A federal court hearing a challenge to Wisconsin's Republican-led redistricting sharply criticized the expensive, secretive, and "peculiarly furtive process" employed by the GOP in drawing and defending the maps, but announced a close to "this unfortunate chapter in Wisconsin political history."
"We cannot help but conclude that the people of Wisconsin deserve better in the next round of redistricting after the 2020 census," the three-judge panel wrote.
The decision ends a long legal battle over the gerrymandered Republican maps, but leaves unresolved the extent to which records were deleted in defiance of court orders.
"Shameful" Redistricting Resolved, But Questions Remained About Misconduct
The challenge itself was resolved over a year ago, with the court sharply criticizing the GOP's "all but shameful attempt to hide the redistricting process from public scrutiny," but the judges ultimately upholding most of the maps since there are limited grounds for courts to strike-down redistricting. Still, the court sanctioned the GOP's attorneys in February of 2012 and ordered that they pay $17,500 for filing frivolous motions to keep redistricting-related documents secret.
"Quite frankly," the court wrote at the time, "the Legislature and the actions of its counsel give every appearance of flailing wildly in a desperate attempt to hide from both the court and the public the true nature of exactly what transpired in the redistricting process."
But even after ruling on the maps, the judges retained jurisdiction over the case to ascertain just how much had been withheld -- and to determine whether further sanctions were justified.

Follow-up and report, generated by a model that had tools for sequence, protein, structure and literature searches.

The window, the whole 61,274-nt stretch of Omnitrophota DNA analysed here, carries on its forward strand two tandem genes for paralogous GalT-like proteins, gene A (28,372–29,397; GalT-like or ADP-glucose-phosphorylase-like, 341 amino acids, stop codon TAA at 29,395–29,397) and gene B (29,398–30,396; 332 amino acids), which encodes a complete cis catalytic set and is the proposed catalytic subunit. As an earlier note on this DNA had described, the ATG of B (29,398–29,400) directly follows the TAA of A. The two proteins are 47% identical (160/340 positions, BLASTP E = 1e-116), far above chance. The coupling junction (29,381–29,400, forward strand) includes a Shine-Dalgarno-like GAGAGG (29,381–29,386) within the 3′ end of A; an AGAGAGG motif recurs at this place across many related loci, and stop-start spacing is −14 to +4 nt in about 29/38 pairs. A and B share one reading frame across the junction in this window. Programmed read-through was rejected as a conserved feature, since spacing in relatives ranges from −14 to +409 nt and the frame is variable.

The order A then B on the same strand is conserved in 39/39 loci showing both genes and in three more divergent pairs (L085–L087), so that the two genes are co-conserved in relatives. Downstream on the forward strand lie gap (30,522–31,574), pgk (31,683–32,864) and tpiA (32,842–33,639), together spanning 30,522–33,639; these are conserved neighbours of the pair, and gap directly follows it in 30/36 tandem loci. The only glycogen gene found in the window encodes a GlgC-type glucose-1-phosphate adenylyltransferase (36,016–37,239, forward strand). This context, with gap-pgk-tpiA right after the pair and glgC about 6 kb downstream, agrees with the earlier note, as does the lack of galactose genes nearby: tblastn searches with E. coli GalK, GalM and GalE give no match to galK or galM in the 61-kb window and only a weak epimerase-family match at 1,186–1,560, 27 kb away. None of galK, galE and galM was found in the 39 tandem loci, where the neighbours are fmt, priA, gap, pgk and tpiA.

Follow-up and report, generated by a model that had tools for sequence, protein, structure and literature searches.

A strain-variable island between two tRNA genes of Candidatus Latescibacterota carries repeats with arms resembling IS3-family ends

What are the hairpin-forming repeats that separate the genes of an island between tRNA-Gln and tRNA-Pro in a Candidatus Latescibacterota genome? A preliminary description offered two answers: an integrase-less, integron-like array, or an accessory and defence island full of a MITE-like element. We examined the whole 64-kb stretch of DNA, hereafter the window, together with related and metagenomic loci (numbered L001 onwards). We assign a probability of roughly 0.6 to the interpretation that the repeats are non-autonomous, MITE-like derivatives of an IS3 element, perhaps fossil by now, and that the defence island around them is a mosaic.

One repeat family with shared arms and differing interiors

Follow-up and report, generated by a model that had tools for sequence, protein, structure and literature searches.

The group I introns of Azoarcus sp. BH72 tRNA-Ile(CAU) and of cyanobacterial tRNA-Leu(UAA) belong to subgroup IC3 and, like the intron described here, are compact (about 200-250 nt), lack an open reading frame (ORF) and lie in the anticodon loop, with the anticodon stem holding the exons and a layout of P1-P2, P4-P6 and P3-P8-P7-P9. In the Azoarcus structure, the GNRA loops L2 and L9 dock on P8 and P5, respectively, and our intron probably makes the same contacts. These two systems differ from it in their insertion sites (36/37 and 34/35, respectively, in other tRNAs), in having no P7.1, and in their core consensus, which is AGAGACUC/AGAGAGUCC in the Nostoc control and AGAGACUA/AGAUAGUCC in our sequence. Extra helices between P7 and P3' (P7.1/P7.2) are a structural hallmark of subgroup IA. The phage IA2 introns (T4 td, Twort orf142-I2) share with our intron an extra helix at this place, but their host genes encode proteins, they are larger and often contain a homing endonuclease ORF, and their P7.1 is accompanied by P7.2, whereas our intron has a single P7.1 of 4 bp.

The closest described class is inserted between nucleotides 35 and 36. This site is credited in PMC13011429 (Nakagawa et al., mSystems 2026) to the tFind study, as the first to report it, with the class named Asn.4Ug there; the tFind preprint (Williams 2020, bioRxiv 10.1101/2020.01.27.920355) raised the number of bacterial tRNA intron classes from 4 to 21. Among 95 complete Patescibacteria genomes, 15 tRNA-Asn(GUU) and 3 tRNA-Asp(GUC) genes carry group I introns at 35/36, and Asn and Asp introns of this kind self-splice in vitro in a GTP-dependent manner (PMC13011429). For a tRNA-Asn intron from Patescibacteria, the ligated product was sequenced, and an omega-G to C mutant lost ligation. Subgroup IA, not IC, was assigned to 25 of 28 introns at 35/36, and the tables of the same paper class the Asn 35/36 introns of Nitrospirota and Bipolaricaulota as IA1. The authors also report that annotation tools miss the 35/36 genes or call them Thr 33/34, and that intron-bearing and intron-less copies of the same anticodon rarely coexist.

Court filings from April of 2013 showed that hundreds of thousands of redistricting-related documents had been deleted in defiance of court orders to turn over all documents. On at least two occasions, someone using the login credentials for two staffers to then-Senate Majority Leader Scott Fitzgerald, Tad Ottman and Adam Foltz, logged-on to GOP computers and deleted files just before the documents would have been turned-over to the other side. Plaintiffs had spent over $100,000 conducting a forensic analysis of the computers and were seeking to have the legislature or its attorneys cover the costs of continuing to recover and reconstruct deleted files.
The court denied the motion, and in May, the parties announced they had reached a settlement. The terms of the deal were not made public. Plaintiffs agreed to withdraw their request for sanctions, and on June 3, the court issued its final ruling.
How Much Was Covered-Up Remains Unresolved
"At the end of the day," the Court wrote in its decision, "the best that can be said for [Republicans] is that, through 'inadvertence or ineptitude, or otherwise,' compliance with Plaintiffs' subpoenas and the Court's orders 'was not complete.'"
The Court indicated it remains suspicious about whether GOP staffers deliberately withheld documents in defiance of court orders -- noting that such a finding was "inconclusive" and "couched in uncertainty" -- but given the settlement agreement, announced that it was time the Court's "role in this litigation should come to an end."
The three judges, two of whom were appointed by Republican presidents, reiterated their concern about "the regrettable contentiousness that often accompanies partisan redistricting," but more specifically in this case, "the additional Wisconsin-specific rancor brought on by the peculiarly furtive process adopted by the majority party this time around."
As of January, Republicans had spent $1.9 million in taxpayer dollars defending the maps; that month, the GOP hired new attorneys, driving the total cost even higher.
The three federal judges left it to the public to get to the bottom of what really happened during redistricting.
"Whether there is another chapter to be written in this story by others who may have an interest in getting to the bottom of this unfortunate chapter in Wisconsin political history remains to be seen. The extent to which historians,the media, professional regulators and disciplinary bodies, or any others may wish to take further action is for them to decide in due course."